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IRS Passport Revocation – 5 things to understand


Do you owe a significant amount of taxes to the IRS? Have you not found time to call and set up an agreement to pay the amount owed? Do you enjoy traveling outside of the United States? If you answered yes to these questions, your passport may be at risk. Here is a list of seven things you should be aware of if you owe the federal government.


1.      The Fixing America’s Surface Transportation Act (FAST) allows the IRS to revoke your passport.

Congress passed this law to help provide guaranteed long-term funding for surface transportation infrastructure planning and investment. However, there is a provision in the law (Section 32101) which allows the IRS to transmit certification of seriously delinquent tax debt to the Secretary of State for denial, revocation, or limitation of a passport.


2.      Know what serious tax debt is.

To be considered a seriously delinquent taxpayer, the amount you owe must be an assessed amount greater than $50,000 (adjusted for inflation), a notice of lien must have been filed and all rights exhausted or lapsed (26 U.S. Code § 6320), and/or a levy was issued pursuant to (26 U.S. Code § 6331)


3.      The IRS will send you notice before sending notification to the Secretary of State.

IRS Notice CP508C will be issued to you prior to actions being taken against your passport. Once you receive this, it is in your best interest to contact the IRS and make arrangements to resolve your debt. Once the state receives its notice, your passport is suspended immediately. If you are already out of the country when this action is taken, you will be allowed to travel back home.


4.      How to get your passport back after revocation.

Either you can full pay the balance owed, or move forward with any of the following actions:

  • File for innocent spouse relief within 30 days from the date of the notice of balance owed. This action is only for those who believe the balance owed is not yours and you should have relief from the entire liability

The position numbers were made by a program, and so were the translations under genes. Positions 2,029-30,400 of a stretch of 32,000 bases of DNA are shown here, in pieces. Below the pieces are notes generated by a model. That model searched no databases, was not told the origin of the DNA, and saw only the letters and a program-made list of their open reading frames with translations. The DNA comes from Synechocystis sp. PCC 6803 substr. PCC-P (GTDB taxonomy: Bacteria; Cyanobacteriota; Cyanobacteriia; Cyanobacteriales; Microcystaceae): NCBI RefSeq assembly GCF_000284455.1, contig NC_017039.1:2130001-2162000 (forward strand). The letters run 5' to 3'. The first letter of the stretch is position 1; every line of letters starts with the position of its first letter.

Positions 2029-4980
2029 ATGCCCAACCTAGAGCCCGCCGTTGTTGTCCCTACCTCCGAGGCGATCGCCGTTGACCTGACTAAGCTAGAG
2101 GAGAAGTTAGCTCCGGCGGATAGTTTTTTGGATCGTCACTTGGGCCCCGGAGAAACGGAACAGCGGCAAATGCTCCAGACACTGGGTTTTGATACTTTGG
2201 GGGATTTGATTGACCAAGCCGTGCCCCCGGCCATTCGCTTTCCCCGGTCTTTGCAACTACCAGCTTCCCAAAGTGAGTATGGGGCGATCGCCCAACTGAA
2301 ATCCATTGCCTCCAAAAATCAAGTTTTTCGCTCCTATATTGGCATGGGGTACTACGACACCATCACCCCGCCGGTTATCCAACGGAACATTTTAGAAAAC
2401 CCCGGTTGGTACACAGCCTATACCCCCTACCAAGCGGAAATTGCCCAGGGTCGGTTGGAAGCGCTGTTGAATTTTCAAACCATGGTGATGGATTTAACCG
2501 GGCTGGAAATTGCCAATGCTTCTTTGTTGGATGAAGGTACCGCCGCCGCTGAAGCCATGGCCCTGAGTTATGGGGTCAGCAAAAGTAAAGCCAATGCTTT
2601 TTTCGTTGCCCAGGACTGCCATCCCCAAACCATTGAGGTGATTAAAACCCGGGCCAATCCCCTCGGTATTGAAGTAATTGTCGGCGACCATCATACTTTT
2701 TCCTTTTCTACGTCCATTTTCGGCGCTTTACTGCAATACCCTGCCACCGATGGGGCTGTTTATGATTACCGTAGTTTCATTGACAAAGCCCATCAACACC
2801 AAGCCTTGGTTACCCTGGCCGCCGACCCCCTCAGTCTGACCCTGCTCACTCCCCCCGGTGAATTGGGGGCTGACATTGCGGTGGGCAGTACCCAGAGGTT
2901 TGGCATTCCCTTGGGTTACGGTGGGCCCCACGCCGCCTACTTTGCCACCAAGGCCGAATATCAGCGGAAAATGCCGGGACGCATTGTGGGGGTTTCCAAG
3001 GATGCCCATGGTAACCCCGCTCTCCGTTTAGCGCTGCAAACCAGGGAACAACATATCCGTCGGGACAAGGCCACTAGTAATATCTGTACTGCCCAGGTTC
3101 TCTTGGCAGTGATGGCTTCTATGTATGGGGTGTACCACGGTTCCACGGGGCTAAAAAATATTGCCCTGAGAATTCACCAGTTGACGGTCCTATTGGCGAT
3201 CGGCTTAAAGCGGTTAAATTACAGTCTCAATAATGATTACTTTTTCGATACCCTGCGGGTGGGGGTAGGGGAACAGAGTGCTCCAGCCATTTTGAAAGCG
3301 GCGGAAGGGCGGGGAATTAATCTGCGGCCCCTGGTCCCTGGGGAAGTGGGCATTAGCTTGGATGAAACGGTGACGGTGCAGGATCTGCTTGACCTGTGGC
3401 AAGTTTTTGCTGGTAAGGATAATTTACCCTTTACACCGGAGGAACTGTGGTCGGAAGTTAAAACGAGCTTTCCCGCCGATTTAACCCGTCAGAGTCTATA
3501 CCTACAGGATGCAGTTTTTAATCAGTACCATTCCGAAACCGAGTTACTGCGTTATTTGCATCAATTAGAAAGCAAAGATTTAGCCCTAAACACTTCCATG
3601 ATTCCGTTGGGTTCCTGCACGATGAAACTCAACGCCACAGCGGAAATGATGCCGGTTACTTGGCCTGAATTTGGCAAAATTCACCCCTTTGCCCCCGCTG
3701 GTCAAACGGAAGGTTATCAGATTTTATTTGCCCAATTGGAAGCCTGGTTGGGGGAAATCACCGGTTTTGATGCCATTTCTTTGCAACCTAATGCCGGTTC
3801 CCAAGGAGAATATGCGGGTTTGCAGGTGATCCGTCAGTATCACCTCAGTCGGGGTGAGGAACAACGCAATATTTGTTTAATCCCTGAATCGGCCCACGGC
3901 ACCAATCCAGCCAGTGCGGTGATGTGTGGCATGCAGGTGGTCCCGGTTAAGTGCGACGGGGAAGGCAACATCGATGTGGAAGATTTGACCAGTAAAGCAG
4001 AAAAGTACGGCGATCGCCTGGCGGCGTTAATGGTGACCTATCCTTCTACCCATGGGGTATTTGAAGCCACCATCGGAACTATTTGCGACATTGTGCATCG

• Negotiate an Installment Agreement to satisfy the liability based on your current financial condition. Often times, this can be done by providing minimal financial information to substantiate your request as long as the tax is paid within a period of 72 months.
  • Negotiate an Offer In Compromise to settle the tax debt owed. The Offer must be completely accepted by the Internal Revenue Service before the release on the passport is granted.
  • Show that the certification is erroneous and that the IRS had made a mistake. Note that you cannot sue the state for taking your passport by mistake. In each of the above examples, the IRS will release with the Secretary of State no later than 30 days after each agreement is made. Releases are sent via Notice CP 508R.


5.      When you are safe from passport revocation.

You are safe from passport suspension if you have not received notice, and:

  • Your balances are less than $50,000
  • Your tax balances are already being paid pursuant to a structured Installment Agreement (26 U.S. Code § 6159)
  • Your tax balances are already being paid through an accepted Offer In Compromise (26 U.S. Code § 7122)
  • Your tax debts are already suspended due to a pending Collection Due Process Hearing (26 U.S. Code § 6330)
  • Your tax debts are currently being reviewed under the IRS Innocent Spouse guidelines (26 U.S. Code § 6015)




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